Tuesday, May 23, 2017

Manchester attack; Trump calls terrorists "losers"


There is no reason to belabor the details of terror attack in Manchester England Monday night at the concert of Ariana Grande, but Peter Bergen has a disturbing analysis on CNN of how the explosive was probably constructed, using hydrogen peroxide, a common bleach.

Trump made a point of calling terrorists “losers” (or "evil losers in life") in more than one speech abroad, not just “monsters”.

The Daily Telegraph opines on Trump’s speech in Saudi Arabia here.
 
I passed a protest poster in Baltimore recently, claiming ordinary people shouldn’t be bothered with concerns about Syria and Korea.  I couldn’t disagree more.


Monday, May 15, 2017

North Korea launches intermediate range missile


North Korea fired a test of a medium range missile with a very high parabolic path, to 1200 miles altitude (highest enough for EMP) and 400 miles distance, toward eastern Russia and possibly Alaska.

CNN has the details today here

Charlie Rose tonight on PBS was rather cavalier on speculating that North Korea might already have the capability to hit the US, at least western Alaska or Guam.

North Korea might have been behind the ransomware attack, which so far had little effect on the US. The Guardian has a story to that effect.



Update: May 23

Media have posted more stories about North Korea's malware engines (training young adults in China).  There was another missile test, aimed toward Japan, about 300 miles, and indications that North Korea is getting "better" at this. And there seems to be a breaking interchange with the South right now,

Wednesday, May 10, 2017

"Paul" explains the Arabic language and its many dialects


Paul, of Language Focus, has an interesting video “The Arabic Language and its Amazing History and Features”.



There are versions of the language for speech, writing and religious study.  It seems very logical, even if very alien to western people.

Monday, May 8, 2017

Militia activity leads to malnutrition in Congo due to plant that is poisonous without lengthy cooking


ABC News recently covered the famine in Somalia, South Sudan, northern Nigeria and Yemen, but the Pulitzer Report has an important story regarding famine in the Congo, associated with paralysis.



People in the area eat a staple root, cassava; but safe preparation requires hours of soaking in water to leech out certain cyanide compounds.  People living in insecure areas overrun by militias often do not have time to prepare the roots properly, and consume them when they still contain a cyanide, and become poisoned.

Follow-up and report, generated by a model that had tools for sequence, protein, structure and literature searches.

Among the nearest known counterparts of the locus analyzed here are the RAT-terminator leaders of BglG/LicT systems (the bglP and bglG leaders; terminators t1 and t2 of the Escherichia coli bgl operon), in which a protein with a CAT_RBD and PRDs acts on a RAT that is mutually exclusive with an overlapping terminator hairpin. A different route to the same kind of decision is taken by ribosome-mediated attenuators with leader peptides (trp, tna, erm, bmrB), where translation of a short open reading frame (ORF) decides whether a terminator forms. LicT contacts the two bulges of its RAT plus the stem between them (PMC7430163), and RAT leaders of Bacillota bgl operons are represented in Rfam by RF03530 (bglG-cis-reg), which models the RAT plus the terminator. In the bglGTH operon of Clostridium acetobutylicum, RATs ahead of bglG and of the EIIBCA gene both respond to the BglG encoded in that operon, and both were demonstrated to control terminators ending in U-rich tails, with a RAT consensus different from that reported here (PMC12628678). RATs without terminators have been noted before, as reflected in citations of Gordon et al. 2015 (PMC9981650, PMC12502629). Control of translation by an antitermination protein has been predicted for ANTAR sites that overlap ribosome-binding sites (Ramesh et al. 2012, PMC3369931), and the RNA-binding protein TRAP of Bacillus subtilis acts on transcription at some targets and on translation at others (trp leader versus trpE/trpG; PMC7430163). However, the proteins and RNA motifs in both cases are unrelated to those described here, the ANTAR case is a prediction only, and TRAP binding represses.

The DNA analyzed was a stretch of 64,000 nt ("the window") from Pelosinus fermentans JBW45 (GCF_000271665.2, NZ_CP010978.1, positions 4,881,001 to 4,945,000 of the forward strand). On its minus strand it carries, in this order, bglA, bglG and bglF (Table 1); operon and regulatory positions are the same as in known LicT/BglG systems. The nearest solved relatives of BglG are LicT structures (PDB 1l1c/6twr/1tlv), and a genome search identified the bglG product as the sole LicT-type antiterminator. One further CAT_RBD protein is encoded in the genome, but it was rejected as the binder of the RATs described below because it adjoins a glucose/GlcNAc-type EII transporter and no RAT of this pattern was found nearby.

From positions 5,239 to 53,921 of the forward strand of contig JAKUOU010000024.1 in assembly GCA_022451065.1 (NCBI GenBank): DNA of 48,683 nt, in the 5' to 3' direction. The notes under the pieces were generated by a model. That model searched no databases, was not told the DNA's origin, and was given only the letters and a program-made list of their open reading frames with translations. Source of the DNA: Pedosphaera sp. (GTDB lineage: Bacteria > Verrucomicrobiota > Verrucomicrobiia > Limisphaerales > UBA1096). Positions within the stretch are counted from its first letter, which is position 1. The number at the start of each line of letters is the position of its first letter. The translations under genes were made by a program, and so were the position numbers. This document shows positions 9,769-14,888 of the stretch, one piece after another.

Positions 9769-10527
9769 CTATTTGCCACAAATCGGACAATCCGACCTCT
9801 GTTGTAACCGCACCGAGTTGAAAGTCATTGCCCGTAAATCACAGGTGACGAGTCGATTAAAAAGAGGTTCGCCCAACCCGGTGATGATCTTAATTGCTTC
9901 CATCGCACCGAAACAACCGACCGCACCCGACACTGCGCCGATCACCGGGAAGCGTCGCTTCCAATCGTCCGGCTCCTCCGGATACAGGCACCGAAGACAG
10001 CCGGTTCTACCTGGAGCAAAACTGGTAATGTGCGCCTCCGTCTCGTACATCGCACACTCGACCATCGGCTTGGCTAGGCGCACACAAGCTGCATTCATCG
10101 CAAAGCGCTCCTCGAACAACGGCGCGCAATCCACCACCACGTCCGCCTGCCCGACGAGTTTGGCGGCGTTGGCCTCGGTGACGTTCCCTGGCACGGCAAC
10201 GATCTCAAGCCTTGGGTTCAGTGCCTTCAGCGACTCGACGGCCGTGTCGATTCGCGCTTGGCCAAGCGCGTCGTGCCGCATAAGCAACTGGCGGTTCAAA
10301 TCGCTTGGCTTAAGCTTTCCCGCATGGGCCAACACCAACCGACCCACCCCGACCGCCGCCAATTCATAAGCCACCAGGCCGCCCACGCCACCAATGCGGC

The Pulitzer story is here.

Wikipedia attribution link for Munusco image, CCSA 2.5,

Monday, May 1, 2017

Religious right in US seems to be building alliances with Putin supporters, partly over anti-gay attitudes


Rosalind S. Helderman and Tom Hamburger have a front page story in the Washington Post linking some Christian conservatives in the U.S. to some elements in Putin’s Russia.  In print, it is “’Values’ tilt GOP right to Russia”, and online “Guns and Religion: How American conservatives grew closer to Putin’s Russia”.  The principals deny any connection to the hacks related to the election or to Donald Trump’s activities.

But the connection reminds me of some evangelical elements intervening in Africa, helping spawn anti-gay attitudes particularly in Uganda.

In Russia, Putin is concerned about the low birth rates and the idea that gay men in particular, if allowed to be public, can undermine family size and population for others.  Authoritarianism often reinforces an idea that “outlier” people need to be compelled to conform to fitting in to the social structures set up by others (conventional families), which becomes a self-reinforcing ideology that takes on personal importance for some people.

Thursday, April 27, 2017

In northern Nigeria, people return to villages to find their kids gone


The Washington Post has a frightening story on p. A13 of the Washington Post by Kevn Sieff, about people returning home to Damasak in northeast Nigeria, to find most of their children gone after Boko Haram left, apparently kidnapped into the sex trade.

Many refugees spill into Niger and then migrate north to Italy to flee to Europe  But very recently Italy has been working with Libya to stop the migration across the Mediterranean (to Lapedusa, as in the recent film “Fire at Sea”).

Wikipedia pd. Image of Michelle Obama sign related to the attacks.

Monday, April 24, 2017

North Korea takes hostages


So, the era of “strategic patience” is over.  And here’s the setup with the DPRK.

The robot kingdom with a god-king (who looks fat and foppish, “dressed to kill”) seems to be closer to having long range ICBM’s than we had thought.  The forecasts of their ranges keep creeping up, all the way to Washington now.  The time table seems compressing, conceivably before 2020.
Furthermore, North Korea wants to have several of these so it could keep fighting in case of a pre-emptive strike.  And it may be better able to bury the testing and locations than had been thought.

 (Although the recent blast in Afghanistan might well have been intended to send a message.)